So, here's the takeway: don't ride on the sidewalk. Also, do your best to avoid lawn ornaments, especially if they are plastic and of waterfowl. Don't necessarily avoid them because of your legal liability, but instead do so because they are extremely tacky and it's best not to associate your super-suave, modern biking lifestyle with throwback, antediluvian yard decoration. Or, make sure that you're biking in such way that benefits the public as a whole? Can we test case on this, maybe related to climate change?
I'm off the next couple of days, so I bid you adieu until Tuesday. If you're looking for something else to read, check out the blog roll on the right side of this page. There's some great bike stuff out there (way better than this) and I heartily encourage you to check it out.


  1. The MacArthur sidepath isn't really very good, IMO. I used to ride on it from Wilson Lane and back, before I knew any better. Here are some of the problems with it.
    1--It's a two-way bikeway that for much of its length is not even separated from the regular travel lanes. There is no room for error, especially if you are riding in the against-traffic direction (west).
    2--The path has more debris than the road. (The path is rarely swept, but the road is constantly "swept" by the tires of cars and trucks.) I have gotten flats riding on the path, but not on MacArthur.
    3--It is very dangerous to ride on a sidewalk or sidepath in the against-traffic direction, even if the path is separated, because drivers trying to turn onto MacArthur tend to only look for fast-moving vehicles coming from their left.
    4--The sidepath is often used as a parking area, even though signs are posted forbidding parking.
    5--People often walk their dogs/push their babies/amble aimlessly on the sidepath. It's much easier and safer just riding with traffic on the road.
    There are probably more reasons that I'm forgetting at the moment...

  2. Glen Echo Park? It _was_ DC's Coney Island until it refused to integrate in the 1960s. My mom tells stories of taking the streetcar to get there in the '50s.

  3. Thanks for the very-thorough rundown of the issues with MacArthur. It was my first time riding it and my initial impression was that it was fine, but I definitely understand the concerns about the separation and the debris (I picked up a flat along the way, so point 2 is especially resonant). It sounds like it could benefit from some more permanent separation, even just a little raised curb between the roadway and the path might serve to keep the debris off the trail. As for parking, dog walkers and drivers making turns, I don't know- this seems to befall any on-street bike route/sidepath. It's just puts bike advocacy types in a tough position to say thanks for the path, but I'm gonna take the street because most drivers are quite unfamiliar with these kinds of problems and would be unlikely to acquaint themselves with them. All they see is a path right there and people eschewing it.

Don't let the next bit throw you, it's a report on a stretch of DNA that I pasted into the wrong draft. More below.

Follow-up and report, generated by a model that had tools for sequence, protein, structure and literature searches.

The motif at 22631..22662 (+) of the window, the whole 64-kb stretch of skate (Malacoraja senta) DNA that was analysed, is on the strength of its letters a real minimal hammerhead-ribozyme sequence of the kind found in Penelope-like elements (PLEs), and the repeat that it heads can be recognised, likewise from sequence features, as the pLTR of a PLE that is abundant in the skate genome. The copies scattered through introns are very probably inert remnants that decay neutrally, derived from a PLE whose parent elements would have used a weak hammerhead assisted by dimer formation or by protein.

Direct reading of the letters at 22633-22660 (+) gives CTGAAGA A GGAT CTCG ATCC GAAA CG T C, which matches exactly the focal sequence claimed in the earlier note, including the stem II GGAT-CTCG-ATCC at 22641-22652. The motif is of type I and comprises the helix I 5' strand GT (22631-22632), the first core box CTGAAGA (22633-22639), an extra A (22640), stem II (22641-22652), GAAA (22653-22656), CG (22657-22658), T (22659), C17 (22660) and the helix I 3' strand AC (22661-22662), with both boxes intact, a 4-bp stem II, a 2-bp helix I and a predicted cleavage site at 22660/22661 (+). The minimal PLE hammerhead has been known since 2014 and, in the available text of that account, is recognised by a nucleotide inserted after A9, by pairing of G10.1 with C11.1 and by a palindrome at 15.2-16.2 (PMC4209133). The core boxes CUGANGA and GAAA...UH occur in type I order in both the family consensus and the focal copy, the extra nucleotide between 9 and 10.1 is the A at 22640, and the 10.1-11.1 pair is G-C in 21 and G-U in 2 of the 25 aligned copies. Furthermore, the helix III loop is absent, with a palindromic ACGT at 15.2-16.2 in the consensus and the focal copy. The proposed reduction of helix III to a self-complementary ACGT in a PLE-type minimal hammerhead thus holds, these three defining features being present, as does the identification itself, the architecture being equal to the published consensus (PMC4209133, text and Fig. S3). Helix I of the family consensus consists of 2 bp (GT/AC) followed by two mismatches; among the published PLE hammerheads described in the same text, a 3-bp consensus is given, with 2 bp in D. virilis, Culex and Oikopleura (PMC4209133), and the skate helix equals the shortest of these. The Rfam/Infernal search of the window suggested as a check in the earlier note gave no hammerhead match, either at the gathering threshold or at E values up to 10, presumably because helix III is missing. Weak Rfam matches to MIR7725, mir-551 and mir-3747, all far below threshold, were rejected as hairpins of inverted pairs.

4. @David- Segregated amusement parks and streetcars? Wow, we are talking a long time ago. It seems like the current version of the park does various arts and cultural programming (and that's admirable), but it's a shame it's still not an old-timey amusement park.

  5. @Brian -- you can still take a ride on the beautiful old carousel. (There's no upper age limit!)

    The old streetcar right-of-way would make for a really cool completely separated trail from Glen Echo to Georgetown, but for various reasons, this has not turned into a reality.

    You also raise a good point about motorISTs being angry at cyclists who don't use this "perfectly good" sidepath and instead choose to ride completely legally in the travel lanes of MacArthur. I have had motorists yell at me, "Get on the sidewalk!" even when there isn't a sidewalk. MotorISTs are irrational. They just want you to get out of the way, even if they have to stop and lecture you for 5 minutes about where they think you should ride. (They can't be in that much of a hurry if they can afford to stop and lecture you, can they?)